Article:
With these facts in mind, and drawing on Amergent’s own experiences with its clients, we offer these ideas to help you interact with your donors across these new and old channels.
- Improve your email performance by combining your email messaging with your social media presence. Use snippets of your email content to create Facebook posts and Twitter tweets. Social media expands your reach because it meets your supporters where they “live.” With consistent messaging across channels, it can help increase open rates and boost overall conversion.
- Text-to-give is NOT a significant part of fundraising. After some $40 million was raised in $10 gifts through cell phones for the Haiti earthquake response in January, 2010, every nonprofit had dreams of cell phones as mobile donation machines. Even for the Red Cross, those dreams seem to have evaporated. Until the next world-wide disaster that spurs televised fundraising specials, it will have limited impact. And when that happens, only a handful of big-name disaster response nonprofits will benefit. Pollyanna would look on the bright side and say, “Millions of people got comfortable using their mobile phones to make a donation to a charity. Maybe now they’ll be more likely to use their phone to make a gift via a web page in response to my email.” And, she’d be right.
- Use your direct mail packages to support others channel and vice versa. Test every change you make in your mail, since this is probably your bread-and-butter fundraising channel.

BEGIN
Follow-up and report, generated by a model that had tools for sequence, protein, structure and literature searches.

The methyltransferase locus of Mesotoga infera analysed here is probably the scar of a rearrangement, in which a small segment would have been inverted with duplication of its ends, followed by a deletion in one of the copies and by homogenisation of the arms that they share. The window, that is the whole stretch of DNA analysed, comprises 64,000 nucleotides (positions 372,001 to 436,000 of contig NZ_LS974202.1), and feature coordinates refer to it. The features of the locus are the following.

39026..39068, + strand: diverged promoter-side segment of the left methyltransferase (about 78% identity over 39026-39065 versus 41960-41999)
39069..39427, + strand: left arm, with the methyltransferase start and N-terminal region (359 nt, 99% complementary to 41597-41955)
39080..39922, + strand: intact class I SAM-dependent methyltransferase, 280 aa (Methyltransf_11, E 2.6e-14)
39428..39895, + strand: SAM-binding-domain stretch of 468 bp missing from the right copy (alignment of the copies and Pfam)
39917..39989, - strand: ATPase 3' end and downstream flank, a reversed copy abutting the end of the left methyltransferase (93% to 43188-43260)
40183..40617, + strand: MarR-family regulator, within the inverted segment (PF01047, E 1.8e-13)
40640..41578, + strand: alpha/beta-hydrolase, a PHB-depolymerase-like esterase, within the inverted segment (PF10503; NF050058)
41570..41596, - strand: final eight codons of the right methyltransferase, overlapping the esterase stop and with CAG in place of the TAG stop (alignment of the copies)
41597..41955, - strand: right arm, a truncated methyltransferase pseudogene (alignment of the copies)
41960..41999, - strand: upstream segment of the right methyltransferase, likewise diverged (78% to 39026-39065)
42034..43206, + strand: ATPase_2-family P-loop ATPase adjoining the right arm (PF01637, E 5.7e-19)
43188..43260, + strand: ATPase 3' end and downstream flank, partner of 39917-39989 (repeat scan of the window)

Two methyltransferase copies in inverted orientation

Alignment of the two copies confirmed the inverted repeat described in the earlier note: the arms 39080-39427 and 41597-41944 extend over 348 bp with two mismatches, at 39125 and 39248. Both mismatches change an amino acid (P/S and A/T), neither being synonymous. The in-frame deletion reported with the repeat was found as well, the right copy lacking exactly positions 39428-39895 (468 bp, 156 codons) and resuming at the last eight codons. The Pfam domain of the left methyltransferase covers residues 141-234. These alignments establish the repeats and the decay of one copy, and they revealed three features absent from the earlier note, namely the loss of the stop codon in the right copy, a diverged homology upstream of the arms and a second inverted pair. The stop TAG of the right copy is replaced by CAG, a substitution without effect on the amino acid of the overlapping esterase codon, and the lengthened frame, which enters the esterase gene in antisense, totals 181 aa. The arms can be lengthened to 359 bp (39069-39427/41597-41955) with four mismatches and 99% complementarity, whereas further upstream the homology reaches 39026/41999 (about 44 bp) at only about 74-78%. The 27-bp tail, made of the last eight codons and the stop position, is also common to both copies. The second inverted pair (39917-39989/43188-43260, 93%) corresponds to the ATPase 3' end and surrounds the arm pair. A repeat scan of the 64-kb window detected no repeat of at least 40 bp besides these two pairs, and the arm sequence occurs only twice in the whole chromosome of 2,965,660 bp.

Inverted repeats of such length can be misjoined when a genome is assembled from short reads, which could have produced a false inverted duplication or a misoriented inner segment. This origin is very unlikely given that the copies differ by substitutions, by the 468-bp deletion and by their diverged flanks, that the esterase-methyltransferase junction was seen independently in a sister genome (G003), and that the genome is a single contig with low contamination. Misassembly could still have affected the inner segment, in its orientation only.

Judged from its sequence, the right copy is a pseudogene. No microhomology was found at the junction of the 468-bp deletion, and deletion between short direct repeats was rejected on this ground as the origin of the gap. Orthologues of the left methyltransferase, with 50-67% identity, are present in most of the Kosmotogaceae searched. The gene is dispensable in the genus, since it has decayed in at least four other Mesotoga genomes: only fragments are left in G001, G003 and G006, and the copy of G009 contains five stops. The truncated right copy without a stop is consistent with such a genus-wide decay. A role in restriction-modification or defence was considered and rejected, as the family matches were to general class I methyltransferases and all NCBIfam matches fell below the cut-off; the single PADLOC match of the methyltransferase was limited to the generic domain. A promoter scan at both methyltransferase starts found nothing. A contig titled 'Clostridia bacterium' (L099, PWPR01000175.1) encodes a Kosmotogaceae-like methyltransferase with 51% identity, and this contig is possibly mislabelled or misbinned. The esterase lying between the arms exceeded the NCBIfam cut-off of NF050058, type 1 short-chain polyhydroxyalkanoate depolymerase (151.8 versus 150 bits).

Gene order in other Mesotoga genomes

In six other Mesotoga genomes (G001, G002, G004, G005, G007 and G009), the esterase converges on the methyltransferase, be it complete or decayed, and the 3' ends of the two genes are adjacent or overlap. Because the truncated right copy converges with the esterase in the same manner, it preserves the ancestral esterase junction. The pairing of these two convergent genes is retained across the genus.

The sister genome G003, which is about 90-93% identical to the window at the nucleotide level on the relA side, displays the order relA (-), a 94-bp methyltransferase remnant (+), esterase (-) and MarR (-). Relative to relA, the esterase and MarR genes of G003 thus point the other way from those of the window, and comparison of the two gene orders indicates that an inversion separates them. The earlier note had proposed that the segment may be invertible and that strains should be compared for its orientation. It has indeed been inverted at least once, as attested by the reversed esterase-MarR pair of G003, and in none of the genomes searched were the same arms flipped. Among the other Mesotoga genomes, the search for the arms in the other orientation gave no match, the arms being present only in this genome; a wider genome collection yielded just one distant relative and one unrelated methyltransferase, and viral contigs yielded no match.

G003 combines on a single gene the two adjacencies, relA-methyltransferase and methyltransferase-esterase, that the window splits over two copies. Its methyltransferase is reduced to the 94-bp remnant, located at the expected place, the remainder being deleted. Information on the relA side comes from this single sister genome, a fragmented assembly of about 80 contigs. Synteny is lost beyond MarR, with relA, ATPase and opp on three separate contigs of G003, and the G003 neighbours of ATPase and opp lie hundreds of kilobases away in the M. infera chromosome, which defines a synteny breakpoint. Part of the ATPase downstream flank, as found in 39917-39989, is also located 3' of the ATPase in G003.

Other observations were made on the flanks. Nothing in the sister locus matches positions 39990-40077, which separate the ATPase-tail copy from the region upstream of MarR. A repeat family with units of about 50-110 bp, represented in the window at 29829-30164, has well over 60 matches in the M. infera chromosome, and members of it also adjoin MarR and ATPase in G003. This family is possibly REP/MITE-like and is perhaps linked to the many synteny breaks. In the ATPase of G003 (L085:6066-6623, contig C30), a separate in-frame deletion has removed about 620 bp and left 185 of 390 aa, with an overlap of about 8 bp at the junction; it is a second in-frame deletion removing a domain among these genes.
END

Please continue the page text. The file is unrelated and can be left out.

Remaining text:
- Online, if you ask for prayer requests or other non-financial action, capture the name and email address. Ask for (but don’t require) a postal address especially if you can offer something “free” in the mail. This is a great use for a premium prospect package. Ask for mobile numbers (but don’t require it) on your donation form and newsletter signup form. If you can associate phone numbers with donors, you can track the impact of mobile communications, and you can reach out to donors via phone when their mail and email start bouncing.
- Always try to tie all your donor data together into one donor record: postal address, email, home phone, mobile phone, twitter handle, whether they are a Facebook fan. This will help you segment your file but will also help you to validate the added value of contact through each of these channels.
- Online social media needs to be social!
||Don’t just broadcast a bible phrase or homily snippet daily; invite your friends to say what that means to them, or to discuss a relevant current event in the context of Catholic teachings.